TODD, JAMES,DAVID (2020) Exploring the everyday lives of young trans people. Doctoral thesis, Durham University.
|PDF - Accepted Version|
This thesis explores how young trans people aged 14-25 in the UK experience everyday spaces and times and examines why it is imperative, and how it might be possible, to make visible their lived and embodied everyday realities. To do so, the thesis builds a novel narrative arc – developed out of young trans people’s stories and creative works shared throughout the collaborative research – that pays attention to three spatially and temporally interconnected modes of being in and experiencing the world articulated by its participants – ‘out-of-placeness’, exhaustion, and resilience, resistance, and restoration (termed in the thesis as RRR). Exploring these modalities through the thesis’ unique ‘more-than-representational’ and intersectional conceptual approaches, emphasises how trans youth – both as individuals and collectives – variously experience, embody, endure, accumulate, rub up against, slide into, resist, enjoy, and continually emerge through forces (whether social, material, and/or political), affects, societal conditions, spaces, and times of their everyday lives. Significantly, the thesis expands on temporalities that young trans people encounter, accrue, embody and orient toward, and recognises the agency held and enacted by particular spaces, atmospheres, and socio-materialities, producing an account of the specific ways that such phenomena exert force upon trans youth.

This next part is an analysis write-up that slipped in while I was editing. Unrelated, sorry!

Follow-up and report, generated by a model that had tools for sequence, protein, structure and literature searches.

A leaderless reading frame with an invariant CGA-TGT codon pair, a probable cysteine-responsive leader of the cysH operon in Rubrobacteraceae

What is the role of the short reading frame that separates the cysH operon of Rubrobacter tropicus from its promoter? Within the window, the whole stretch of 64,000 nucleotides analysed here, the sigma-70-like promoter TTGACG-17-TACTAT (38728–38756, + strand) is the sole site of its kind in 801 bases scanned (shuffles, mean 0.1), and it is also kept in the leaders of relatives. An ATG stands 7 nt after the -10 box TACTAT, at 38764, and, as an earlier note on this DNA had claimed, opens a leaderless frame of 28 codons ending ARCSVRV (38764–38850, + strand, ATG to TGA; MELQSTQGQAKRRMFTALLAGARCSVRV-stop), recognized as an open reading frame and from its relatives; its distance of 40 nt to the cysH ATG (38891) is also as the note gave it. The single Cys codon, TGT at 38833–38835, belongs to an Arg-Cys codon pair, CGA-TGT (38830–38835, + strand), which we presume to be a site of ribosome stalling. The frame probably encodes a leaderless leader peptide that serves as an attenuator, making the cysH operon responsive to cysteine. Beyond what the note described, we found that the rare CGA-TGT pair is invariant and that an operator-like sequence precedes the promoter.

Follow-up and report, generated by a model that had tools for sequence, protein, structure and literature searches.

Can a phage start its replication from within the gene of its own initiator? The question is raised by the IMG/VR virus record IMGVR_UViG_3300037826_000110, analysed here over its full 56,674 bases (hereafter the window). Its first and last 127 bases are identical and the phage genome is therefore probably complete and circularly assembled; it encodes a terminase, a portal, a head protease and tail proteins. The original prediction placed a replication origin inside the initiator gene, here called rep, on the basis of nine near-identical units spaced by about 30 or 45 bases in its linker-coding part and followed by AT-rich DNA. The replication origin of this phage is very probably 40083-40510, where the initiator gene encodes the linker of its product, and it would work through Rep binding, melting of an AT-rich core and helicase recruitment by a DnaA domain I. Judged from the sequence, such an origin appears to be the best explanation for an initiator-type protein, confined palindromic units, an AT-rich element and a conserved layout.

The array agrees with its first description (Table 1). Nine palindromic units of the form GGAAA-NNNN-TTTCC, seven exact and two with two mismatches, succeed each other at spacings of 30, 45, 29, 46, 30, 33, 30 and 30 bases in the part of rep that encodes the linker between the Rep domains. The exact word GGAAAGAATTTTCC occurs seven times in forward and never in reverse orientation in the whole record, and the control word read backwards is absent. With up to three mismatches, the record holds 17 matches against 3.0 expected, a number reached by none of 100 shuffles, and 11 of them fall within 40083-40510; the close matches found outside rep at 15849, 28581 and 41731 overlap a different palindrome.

Through its innovative participatory research approach and collaboration with Gendered Intelligence (G.I.; a British national charity working to support trans youth) and their young trans service users, the thesis also counters existing problematic research approaches often taken by cisgender social scientists and develops a methodological blueprint for conducting social science research with trans folk and trans communities and queer/feminist geographical research exploring marginality and embodied experiences in certain spatiotemporal contexts. The thesis also affords space and voice to the often life-saving potential of trans and queer ‘safe spaces’ and young trans communities such as G.I., and conducts a novel compilation and examination of existing research and evidence around trans lives and societal hostility toward trans people in Britain.
|Item Type:||Thesis (Doctoral)|
|Award:||Doctor of Philosophy|
|Faculty and Department:||Faculty of Social Sciences and Health > Geography, Department of|
|Copyright:||Copyright of this thesis is held by the author|
|Deposited On:||01 Jun 2021 16:31|